As in what the NSA fears the most. Apologies for the daft name. It’s meant to be more of a description than a name. And actually there are two. They are somewhat proof of concepts, but demonstrate the achievable simplicity of an entropy source based just on a Zener diode and a single resistor. Just like our quantum entropy source on a breadboard. They are “dangerous” because they can provide anyone with a reliable, unlimited and tamper proof source of entropy for cryptography. That is potentially dangerous for authoritarianism.
Our dangerous little black box, based around a 24V Magnatec BZX85C24 Zener diode. Just add 30V. This is one noisy diode!
The reasoning behind the 100us/div setting is that this will replicate a typical Arduino Uno sampling at ~10kSa/s. That’s equivalent to one sample per division. The BNC connector enables the box to be plugged directly into an oscilloscope. The noise level is at ~1.1Vpp.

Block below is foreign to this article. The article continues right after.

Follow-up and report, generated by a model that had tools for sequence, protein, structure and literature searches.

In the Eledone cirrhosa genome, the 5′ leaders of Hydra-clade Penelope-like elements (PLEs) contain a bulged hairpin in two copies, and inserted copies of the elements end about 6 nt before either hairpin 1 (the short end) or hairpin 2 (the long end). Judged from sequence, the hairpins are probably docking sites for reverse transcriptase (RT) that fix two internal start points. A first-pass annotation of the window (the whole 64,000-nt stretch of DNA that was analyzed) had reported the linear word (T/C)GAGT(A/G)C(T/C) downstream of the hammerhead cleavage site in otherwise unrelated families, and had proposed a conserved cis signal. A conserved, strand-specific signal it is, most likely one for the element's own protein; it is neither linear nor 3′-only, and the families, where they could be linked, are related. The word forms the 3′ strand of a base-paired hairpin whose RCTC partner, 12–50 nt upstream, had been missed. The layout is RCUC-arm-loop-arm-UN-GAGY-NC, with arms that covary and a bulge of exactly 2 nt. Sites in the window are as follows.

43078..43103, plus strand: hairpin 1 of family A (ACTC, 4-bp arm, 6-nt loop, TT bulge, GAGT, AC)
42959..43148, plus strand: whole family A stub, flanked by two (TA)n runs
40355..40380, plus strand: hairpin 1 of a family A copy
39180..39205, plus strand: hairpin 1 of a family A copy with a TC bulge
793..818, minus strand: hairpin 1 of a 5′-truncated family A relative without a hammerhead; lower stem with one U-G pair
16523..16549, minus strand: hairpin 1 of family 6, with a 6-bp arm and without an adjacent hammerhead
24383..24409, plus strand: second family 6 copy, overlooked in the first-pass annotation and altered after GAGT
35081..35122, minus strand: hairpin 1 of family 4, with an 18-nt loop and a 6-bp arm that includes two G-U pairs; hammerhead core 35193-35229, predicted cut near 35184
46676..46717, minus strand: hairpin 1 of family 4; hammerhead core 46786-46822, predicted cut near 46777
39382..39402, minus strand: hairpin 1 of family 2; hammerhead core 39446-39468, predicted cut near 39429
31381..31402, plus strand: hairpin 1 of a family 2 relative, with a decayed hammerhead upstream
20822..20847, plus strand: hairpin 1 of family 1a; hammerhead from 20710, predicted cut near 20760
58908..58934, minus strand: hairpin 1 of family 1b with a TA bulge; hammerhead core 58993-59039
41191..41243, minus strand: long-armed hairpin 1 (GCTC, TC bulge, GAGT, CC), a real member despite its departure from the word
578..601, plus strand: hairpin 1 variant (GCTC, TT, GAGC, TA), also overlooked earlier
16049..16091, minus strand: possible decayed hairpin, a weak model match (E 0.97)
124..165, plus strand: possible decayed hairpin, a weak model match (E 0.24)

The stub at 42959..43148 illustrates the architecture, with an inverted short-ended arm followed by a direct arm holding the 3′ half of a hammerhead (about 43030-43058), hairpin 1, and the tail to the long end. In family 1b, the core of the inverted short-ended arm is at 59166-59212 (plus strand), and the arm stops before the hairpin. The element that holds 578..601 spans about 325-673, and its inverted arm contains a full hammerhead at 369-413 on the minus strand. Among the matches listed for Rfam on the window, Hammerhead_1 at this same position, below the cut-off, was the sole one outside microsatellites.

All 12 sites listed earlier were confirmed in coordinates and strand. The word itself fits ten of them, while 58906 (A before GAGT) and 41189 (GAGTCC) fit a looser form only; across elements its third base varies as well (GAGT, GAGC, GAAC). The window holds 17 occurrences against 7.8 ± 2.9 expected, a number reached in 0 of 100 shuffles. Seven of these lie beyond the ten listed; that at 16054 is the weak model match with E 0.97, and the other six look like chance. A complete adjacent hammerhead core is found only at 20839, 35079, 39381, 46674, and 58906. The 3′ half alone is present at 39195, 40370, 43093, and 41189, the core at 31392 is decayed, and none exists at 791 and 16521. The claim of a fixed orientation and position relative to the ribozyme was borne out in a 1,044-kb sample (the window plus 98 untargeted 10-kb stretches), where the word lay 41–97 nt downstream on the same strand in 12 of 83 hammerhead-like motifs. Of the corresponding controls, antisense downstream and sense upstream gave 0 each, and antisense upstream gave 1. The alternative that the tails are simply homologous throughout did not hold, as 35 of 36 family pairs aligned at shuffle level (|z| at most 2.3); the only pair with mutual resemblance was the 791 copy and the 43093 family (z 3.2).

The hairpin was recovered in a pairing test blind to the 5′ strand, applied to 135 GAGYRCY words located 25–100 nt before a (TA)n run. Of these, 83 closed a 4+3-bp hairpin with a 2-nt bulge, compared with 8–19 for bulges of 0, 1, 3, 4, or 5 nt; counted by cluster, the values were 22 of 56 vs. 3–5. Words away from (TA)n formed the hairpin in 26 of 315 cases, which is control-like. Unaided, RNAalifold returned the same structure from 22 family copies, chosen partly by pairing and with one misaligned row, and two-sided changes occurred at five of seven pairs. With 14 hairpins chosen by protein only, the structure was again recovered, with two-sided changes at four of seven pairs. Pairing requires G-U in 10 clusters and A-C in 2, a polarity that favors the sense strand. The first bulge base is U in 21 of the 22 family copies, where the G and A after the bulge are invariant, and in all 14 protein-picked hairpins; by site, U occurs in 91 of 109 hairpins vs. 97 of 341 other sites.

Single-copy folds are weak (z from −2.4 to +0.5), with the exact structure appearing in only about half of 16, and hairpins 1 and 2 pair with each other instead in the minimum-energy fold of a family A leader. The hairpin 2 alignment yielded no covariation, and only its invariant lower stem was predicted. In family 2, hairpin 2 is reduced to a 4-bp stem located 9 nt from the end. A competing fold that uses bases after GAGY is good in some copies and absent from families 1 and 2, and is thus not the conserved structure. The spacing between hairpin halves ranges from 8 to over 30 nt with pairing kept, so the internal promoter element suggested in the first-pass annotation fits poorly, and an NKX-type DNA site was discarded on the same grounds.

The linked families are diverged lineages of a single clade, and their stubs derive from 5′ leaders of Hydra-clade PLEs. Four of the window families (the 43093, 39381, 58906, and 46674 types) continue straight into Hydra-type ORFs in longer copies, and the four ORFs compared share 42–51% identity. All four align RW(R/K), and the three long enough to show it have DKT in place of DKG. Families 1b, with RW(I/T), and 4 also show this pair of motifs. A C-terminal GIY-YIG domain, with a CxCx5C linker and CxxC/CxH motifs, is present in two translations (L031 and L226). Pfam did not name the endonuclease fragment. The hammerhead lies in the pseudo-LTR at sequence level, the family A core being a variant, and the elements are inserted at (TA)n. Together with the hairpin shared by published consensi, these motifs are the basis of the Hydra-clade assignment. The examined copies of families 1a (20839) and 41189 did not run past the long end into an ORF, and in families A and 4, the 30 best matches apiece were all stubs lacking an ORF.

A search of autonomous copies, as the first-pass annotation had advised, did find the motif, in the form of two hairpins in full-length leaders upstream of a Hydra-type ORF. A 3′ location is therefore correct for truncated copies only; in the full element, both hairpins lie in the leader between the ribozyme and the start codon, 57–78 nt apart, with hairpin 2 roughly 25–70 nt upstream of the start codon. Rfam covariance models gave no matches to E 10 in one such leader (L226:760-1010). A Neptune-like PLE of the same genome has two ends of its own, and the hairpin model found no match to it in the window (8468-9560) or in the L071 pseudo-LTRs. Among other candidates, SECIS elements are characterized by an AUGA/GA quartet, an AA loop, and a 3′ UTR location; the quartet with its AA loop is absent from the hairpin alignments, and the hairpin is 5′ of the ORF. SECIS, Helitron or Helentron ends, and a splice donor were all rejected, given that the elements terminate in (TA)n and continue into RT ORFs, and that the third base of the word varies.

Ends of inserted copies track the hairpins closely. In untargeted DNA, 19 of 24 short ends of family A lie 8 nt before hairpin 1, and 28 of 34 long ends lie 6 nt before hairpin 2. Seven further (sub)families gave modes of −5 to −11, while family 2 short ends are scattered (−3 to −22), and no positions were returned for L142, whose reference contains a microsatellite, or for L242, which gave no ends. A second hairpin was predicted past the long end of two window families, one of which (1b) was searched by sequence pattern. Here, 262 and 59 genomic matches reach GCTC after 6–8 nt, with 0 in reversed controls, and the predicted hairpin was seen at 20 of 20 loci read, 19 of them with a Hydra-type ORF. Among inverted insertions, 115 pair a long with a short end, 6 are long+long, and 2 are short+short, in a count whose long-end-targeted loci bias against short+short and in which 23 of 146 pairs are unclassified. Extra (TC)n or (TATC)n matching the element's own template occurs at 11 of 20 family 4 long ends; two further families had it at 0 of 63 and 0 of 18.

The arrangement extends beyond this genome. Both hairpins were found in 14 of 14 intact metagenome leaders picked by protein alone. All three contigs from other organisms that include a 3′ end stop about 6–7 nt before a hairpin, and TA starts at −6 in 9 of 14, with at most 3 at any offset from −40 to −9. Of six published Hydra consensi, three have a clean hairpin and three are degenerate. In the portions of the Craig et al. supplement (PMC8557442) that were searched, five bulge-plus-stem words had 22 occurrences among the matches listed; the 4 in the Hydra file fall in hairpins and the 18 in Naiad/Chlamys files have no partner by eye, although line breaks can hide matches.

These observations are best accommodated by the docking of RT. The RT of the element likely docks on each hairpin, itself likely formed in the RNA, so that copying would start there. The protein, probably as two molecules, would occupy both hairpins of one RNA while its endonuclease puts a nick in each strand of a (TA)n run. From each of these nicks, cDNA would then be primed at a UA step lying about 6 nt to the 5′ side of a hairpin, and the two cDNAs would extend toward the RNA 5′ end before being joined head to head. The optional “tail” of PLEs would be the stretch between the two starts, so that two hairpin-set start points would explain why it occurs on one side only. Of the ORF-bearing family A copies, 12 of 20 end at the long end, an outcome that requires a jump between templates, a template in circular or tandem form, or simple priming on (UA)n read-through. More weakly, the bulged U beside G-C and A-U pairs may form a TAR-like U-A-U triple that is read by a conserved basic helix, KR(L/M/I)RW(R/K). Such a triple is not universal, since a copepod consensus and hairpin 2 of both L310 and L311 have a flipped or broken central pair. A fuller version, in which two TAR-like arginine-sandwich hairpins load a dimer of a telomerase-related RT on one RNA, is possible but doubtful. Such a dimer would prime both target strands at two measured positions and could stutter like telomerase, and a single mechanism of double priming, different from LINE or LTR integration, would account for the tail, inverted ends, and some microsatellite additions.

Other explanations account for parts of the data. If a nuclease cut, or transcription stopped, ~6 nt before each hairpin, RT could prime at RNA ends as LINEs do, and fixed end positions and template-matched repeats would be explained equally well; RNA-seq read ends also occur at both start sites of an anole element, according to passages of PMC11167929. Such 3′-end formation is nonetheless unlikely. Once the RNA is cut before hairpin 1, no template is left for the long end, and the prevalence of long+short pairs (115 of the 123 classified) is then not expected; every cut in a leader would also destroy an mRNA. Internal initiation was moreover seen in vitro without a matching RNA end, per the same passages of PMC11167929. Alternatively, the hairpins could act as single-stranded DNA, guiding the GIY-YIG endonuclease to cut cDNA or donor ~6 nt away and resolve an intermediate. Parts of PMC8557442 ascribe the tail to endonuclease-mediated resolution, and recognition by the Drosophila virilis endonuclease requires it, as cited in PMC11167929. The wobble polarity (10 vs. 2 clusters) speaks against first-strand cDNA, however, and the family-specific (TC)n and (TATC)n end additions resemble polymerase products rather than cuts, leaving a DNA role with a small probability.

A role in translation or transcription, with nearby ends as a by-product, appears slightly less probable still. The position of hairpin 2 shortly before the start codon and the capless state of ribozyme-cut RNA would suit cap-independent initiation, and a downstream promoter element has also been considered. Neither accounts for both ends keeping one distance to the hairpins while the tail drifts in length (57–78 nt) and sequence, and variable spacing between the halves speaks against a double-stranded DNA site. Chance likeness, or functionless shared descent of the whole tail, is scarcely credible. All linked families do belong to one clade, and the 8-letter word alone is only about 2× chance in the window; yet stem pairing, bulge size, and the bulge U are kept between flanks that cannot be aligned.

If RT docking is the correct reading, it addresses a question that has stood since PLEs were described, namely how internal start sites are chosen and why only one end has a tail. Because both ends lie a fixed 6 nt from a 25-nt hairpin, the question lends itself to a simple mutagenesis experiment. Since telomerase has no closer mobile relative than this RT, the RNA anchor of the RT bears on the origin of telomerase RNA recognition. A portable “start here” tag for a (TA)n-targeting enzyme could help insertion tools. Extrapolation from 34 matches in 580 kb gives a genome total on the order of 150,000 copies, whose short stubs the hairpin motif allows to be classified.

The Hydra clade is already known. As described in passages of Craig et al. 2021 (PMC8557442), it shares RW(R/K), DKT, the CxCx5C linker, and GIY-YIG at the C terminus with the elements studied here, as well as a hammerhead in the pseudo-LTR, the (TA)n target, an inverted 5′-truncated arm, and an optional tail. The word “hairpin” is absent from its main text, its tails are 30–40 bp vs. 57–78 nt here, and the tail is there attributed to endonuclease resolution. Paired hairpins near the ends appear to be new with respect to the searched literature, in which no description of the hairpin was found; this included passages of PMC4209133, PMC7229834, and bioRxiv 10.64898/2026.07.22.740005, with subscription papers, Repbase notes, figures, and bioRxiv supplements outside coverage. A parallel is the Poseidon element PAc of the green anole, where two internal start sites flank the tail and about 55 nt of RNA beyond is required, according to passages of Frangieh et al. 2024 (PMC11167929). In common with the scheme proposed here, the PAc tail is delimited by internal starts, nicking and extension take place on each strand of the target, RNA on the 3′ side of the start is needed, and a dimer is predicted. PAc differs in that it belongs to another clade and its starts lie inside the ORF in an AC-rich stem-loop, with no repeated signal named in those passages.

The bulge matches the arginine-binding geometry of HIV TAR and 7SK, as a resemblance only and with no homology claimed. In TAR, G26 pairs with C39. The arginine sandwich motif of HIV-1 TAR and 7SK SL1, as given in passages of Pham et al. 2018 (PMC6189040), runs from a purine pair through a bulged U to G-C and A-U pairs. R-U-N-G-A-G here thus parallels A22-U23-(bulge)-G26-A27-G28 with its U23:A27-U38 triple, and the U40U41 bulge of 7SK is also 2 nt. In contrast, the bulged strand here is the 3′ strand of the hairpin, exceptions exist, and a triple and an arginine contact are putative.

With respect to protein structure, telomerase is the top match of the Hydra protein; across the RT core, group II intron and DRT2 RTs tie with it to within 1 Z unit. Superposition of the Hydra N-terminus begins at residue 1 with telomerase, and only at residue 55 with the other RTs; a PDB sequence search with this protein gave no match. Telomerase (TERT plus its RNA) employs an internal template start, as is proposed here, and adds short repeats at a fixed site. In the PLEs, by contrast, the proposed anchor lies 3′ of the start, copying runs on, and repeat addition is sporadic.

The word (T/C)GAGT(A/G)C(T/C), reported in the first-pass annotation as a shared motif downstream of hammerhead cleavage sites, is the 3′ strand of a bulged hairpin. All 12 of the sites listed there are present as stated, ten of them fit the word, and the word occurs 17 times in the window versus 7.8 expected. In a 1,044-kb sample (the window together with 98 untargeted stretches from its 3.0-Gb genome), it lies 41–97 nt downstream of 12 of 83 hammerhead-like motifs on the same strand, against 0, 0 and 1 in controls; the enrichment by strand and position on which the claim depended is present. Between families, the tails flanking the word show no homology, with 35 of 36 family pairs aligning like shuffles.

And the other one featuring a 2N7000 MOSFET transistor voltage follower to buffer the entropy signal…
Notice the increased noise level, now at ~1.6Vpp. This is due partly to the stiffer output impedance, and partly due to random variations in individual diode characteristics. The capacitors (C1 and C2) simply provide some power supply bypassing.
These boxes also demonstrate the virtual impossibility of guaranteeing that a TRNG has not been subverted into producing deterministic output. Imagine if you bought a TRNG like this in a sealed black box. Perhaps it might also be epoxy resin encapsulated for tamper resistance and security. And then ultrasonically welded shut. All you’d have to check is what comes out of the BNC connector. The numbers might be uniformly and identically distributed, but there is no way to ensure they are perfectly non deterministic. Even x-raying the TRNG cannot show what is happening inside it’s potted micro controller.
You would be assembling this yourselves, but anyone could also independently validate the security of your design.